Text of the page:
Jon and I were invited by Stephen (Jon’s future brother-in-law, hehe) to join him and his motorcycle group to go on a roadtrip to Magalawa island. A little back story though, Jon has always been a fan of long road trips with his beloved motorcycle. In the holy week of 2014, we conquered the 12 hour ride to Pangasinan (we will share a bit about that soon in our 2014 travel logs)!
January 3, 2015, 4AM. Jon and I along with 6 other riders headed towards Zambales. The air was bitterly cold. Good thing I sat at the back of the motorcycle. The first leg of the journey was not too smooth because of traffic and two of the riders got separated from our group. We stopped and waited for them but none arrived. We contacted them by phone and they told us that they took a different route so the 4 of us carried on.
The road started to clear as soon as we hit the outskirts of Pampanga. Soon enough, we reached a gasoline station where we filled up our tanks and ate breakfast. Though I am scared of long rides, I like the fact that we would not spend a lot on public transportation. I really enjoyed the scenery as well. Farm animals on the roadside, mountains on the horizon and towering trees canopying the road. I am sure Jon enjoyed it as much as I did.
March is the official start of the summer season in the Philippines. My country is home to 7,107 islands so the reasonable thing to do is hit the beach and have a splash. Not for #teamharthart though. We kicked off the summer by going to the summit of Mt. Daguldol. Crazy huh?! We thought so too.
The team met up at Cubao where we ate breakfast before starting our commute. With our tummies full of pure awesome chicken joy goodness, we started our commute. First, we took a bus (Alps Transit) going to Lipa, Batangas. It took us around 2 hours to get there. We then took another bus going to San Juan, Batangas and got off at the Alps bus terminal. After eating lunch at “the behive” and buying our supplies at the local market, we took a jeepney going to Brgy. Hugom where the jump off is located.
It was a normal Saturday night chat with the group when Jon suggested to go to Batlag falls the morning after and just like that, Trixia, Roldan and I agreed! We usually plan our getaways months before because some us work on a nightshift and we need to prepare the budget needed. The supposedly normal Sunday became one that’s filled with laughter, amazing wonders of nature and good company. It’s a shame the other members of #teamharthart weren’t able to make it.
The group met up at 7/11 near Junction (Cainta). We took a jeepney going to Tanay via Morong and got off at Tanay town proper. We stopped by McDonalds to get something to eat and answer the call of nature.
Afterwards, we hired a tricycle which costed us P250. Some might not know but Batlag falls is located just above Daranak falls. Tanay is home to such wonderful places including Tinipak River.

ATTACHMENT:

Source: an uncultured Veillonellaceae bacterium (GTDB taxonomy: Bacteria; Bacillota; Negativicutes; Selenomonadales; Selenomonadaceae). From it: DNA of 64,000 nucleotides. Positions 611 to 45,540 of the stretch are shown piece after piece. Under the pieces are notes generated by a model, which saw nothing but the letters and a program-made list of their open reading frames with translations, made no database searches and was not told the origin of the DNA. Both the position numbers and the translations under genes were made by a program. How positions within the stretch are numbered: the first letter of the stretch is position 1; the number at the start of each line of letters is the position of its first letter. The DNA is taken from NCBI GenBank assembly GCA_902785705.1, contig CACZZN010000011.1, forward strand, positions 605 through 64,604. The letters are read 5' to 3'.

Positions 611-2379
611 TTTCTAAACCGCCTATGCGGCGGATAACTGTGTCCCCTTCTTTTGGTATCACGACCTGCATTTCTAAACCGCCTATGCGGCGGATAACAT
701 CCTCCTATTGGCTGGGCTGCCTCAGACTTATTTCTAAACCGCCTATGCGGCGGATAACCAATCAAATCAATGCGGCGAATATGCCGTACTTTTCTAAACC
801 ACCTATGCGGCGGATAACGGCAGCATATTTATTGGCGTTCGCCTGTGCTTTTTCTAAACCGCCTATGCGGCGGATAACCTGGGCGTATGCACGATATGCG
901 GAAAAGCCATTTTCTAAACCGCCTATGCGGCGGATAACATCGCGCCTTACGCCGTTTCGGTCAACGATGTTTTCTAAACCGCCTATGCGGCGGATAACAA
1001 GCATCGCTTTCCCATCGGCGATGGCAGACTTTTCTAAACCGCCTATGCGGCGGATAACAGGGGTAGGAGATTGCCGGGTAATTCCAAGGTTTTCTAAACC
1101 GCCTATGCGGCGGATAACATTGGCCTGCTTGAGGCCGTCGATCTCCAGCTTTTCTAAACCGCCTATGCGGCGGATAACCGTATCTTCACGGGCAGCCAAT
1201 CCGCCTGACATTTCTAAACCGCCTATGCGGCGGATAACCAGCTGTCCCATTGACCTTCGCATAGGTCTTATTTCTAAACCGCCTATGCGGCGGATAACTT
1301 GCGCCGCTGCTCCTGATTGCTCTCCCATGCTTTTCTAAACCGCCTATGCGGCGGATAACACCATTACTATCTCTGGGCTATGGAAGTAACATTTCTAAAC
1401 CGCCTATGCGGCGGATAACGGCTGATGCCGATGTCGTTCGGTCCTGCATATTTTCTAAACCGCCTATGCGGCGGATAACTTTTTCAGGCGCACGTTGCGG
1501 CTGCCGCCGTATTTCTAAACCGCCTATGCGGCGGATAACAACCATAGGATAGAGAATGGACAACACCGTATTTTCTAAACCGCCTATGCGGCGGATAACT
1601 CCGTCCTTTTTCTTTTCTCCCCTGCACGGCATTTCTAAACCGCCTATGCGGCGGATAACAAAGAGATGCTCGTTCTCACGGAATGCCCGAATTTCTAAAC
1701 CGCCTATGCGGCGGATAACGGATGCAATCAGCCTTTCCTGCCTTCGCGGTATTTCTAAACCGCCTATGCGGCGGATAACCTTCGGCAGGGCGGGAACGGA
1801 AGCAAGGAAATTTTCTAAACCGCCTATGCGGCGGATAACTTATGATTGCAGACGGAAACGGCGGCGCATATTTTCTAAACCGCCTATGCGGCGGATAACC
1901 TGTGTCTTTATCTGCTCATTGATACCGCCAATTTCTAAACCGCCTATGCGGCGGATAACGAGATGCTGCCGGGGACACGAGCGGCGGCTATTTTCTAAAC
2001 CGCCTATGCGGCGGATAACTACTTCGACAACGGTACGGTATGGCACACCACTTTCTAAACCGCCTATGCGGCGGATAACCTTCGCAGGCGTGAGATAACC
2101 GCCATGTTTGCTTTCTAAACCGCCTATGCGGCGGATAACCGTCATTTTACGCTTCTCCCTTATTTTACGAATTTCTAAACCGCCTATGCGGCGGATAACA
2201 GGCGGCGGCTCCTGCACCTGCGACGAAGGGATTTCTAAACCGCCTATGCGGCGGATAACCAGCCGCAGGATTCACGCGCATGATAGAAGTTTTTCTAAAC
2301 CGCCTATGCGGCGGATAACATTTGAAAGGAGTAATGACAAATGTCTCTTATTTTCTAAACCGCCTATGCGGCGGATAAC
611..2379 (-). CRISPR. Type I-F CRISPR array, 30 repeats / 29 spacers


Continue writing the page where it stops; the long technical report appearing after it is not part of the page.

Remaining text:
After about 30-40 minutes of commute, we finally reached Daranak falls whose entrance fee is P50. It’s the only way to go to Batlag falls so you’ll really have to pay the fee to get there. You can always stop by Daranak falls first if you fancy it.
I was once asked by my superiors to create a presentation about anything that interests me and present it to my co-event managers at work. I had a week, a week to think and decide. I want something that will have an impact. Something that will also define me. That’s when I thought of sharing my love for the great outdoors.
I presented the basics of backpacking and told them that you don’t have to spend a fortune when travelling. I gave them a glimpse of what it’s like to be at peak. To be on top. To feel the wind whistling right before your ears.
As I was about to wrap things up, they asked if I could set a day hike for them. I was more than happy of course. 🙂
We decided to meet up in Eastwood City at 5 a.m. Because of unforeseen circumstances, we arrived at Tanay around 10 a.m. (actually one of my co-workers arrived there at 6 a.m. Sorry Chad!) As soon as we got off the jeepney, tricycle drivers started swarming us in a way like how flies swarm poop. This is a good sign. It means that you can haggle with them. Let the lowest bidder win! (The tricycles usually fit 4-5 people and usually cost P500) We got ours for P400. ☺
It takes more than an hour to get to Brgy. Daraitan from Tanay. The first half of the journey is quite smooth since the roads are well paved. As soon as you get to the outskirts of Brgy. Daraitan however, it gets seriously bumpy. Don’t be surprised if you see your driver hanging off the side of the tricycle as if his wind surfing. It makes the front wheel stable especially when going uphill.
After what seemed like an eternity, we arrived at the river bank where a wooden bridge is constructed. This bridge is only present during the summer season when the river is shallow. The usual way is to ride a platform-like boat to get to the other side. I like the latter better since it’s more thrilling. ☺